Having actually trained that way myself, and knowing what I'm looking at, I can say that he isn't faking or acting. That's exactly what this stuff does to your body. Some people describe it is as "shocky like electricity," but really, that's just the individual's perception. There is no "electric shock" involved, and uke's popping around is mechanical in nature, both to escape pain and because he is being propelled by force (that you can't see, but you can note the cues in nage).

A combination of joint angles and the way nage is connecting to uke's center of mass are doing several things: locking him up (controlling his alignment), stuffing him downward into his center (of mass) and into the ground being two of them. Nage can cause uke to jerk in different directions by subtly "pulsing" force through uke's center via the point(s) of contact and slightly moving his own direction... which then makes uke have move that way too, like he's stuck to the agitator of a top-loading washing machine.

Watch nage's waist area and you may be able to see a very slight jerking as uke gets moved to the side, and watch nage's lower abdomen and lower-to-mid-level of his back when uke is either popped up on his toes or "stuffed" downward. You might be able to see a very subtle rolling or contraction-expansion of the lower abdomen (tandan/dantian) and stretching or expansion of his back (meimon/mingmen).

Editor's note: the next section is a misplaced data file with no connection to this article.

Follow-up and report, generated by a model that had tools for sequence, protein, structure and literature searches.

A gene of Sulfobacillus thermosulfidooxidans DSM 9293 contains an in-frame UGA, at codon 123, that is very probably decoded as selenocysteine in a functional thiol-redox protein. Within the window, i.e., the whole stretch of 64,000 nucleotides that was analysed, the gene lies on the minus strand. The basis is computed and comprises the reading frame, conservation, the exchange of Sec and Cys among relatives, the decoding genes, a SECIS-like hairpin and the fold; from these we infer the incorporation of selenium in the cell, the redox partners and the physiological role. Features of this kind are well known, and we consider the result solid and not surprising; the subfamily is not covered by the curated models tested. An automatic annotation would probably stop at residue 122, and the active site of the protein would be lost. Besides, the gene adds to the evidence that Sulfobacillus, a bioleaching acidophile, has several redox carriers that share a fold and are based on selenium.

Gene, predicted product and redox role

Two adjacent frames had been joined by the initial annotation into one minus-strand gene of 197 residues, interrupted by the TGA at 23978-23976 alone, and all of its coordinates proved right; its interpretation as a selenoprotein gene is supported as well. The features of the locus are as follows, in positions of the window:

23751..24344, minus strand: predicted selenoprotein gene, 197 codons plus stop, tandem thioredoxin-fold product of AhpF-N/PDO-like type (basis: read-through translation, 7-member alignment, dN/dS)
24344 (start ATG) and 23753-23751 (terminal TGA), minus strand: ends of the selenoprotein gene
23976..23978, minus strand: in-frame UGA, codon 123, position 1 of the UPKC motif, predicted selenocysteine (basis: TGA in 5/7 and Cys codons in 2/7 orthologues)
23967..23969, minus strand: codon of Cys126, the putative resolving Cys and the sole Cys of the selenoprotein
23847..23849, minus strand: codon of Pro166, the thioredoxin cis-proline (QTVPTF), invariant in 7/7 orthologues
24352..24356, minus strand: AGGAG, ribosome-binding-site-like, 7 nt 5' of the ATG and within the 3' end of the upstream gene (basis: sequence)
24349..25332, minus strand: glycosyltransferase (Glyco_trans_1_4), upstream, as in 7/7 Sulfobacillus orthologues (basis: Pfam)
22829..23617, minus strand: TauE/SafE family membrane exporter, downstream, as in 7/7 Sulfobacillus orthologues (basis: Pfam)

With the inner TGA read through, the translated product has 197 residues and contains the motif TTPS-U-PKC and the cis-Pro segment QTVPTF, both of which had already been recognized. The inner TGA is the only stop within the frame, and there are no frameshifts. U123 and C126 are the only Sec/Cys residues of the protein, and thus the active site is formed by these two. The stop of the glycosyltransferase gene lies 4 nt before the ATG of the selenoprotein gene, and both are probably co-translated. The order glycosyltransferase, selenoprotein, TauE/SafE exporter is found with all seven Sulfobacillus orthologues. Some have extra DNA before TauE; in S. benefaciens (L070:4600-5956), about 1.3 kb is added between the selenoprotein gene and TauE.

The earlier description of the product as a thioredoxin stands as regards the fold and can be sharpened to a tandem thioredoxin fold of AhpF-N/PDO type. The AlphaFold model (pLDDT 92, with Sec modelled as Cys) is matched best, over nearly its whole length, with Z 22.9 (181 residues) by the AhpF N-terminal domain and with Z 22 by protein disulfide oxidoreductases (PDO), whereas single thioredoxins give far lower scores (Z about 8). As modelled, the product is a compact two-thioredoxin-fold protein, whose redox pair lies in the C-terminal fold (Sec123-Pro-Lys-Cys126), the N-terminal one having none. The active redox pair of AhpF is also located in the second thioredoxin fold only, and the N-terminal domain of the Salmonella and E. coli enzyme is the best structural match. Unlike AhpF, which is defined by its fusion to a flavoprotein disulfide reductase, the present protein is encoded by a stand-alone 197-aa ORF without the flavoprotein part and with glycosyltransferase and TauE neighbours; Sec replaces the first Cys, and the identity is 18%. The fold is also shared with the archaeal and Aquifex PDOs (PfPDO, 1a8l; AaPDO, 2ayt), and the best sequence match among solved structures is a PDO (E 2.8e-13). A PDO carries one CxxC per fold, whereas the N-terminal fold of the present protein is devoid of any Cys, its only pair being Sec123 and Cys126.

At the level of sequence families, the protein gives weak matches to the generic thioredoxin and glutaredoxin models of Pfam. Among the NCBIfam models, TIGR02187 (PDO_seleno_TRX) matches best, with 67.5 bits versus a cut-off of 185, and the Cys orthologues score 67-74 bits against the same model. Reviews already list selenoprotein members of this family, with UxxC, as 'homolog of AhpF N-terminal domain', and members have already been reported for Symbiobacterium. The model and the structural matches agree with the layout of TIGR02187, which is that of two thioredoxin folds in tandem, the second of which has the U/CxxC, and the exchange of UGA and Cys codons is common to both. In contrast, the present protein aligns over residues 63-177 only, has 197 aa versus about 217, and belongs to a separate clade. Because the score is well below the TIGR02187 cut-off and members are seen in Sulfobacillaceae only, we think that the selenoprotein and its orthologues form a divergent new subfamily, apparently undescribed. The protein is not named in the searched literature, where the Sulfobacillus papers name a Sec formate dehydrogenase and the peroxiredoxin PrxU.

When uke jerks back and forth, or flops like a ragdoll, his body is mirroring what nage is doing, in much smaller and more concise movements, inside his own body. Think of a whip making big, rolling snaps although the whip wielder is making only tiny movements of his own body and arm.

It can be done both with and without pain. In this clip, nage is using painful locks, and some of them are naturally painful, but most are not. Control is managed by manipulating uke's alignments and center of mass through the point(s) of contact by the manipulations of nage's own body.

Btw, this is not unique to aikijujutsu. A contemporary Chinese internal system I train in uses the same kind of control in their qin-na (jujutsu).

Hissho
1st December 2013, 23:00
Aha, I think I see. Thanks for your explanation.

Cady Goldfield
1st December 2013, 23:36
Kit,
Here is a Chinese version of what you're seeing, though without the qin-na/jujutsu. This is Liu Cheng-De, who is now in his mid-to-late 70s but was about 70 when this video was made. Liu, whose root art is Chen-style tai chi chuan, lived in Japan for 10 years, during which time he taught internal power and aiki to two of Sagawa Yukiyoshi's former students (who evidently were frustrated at not having been able to pick it up at Sagawa Dojo!).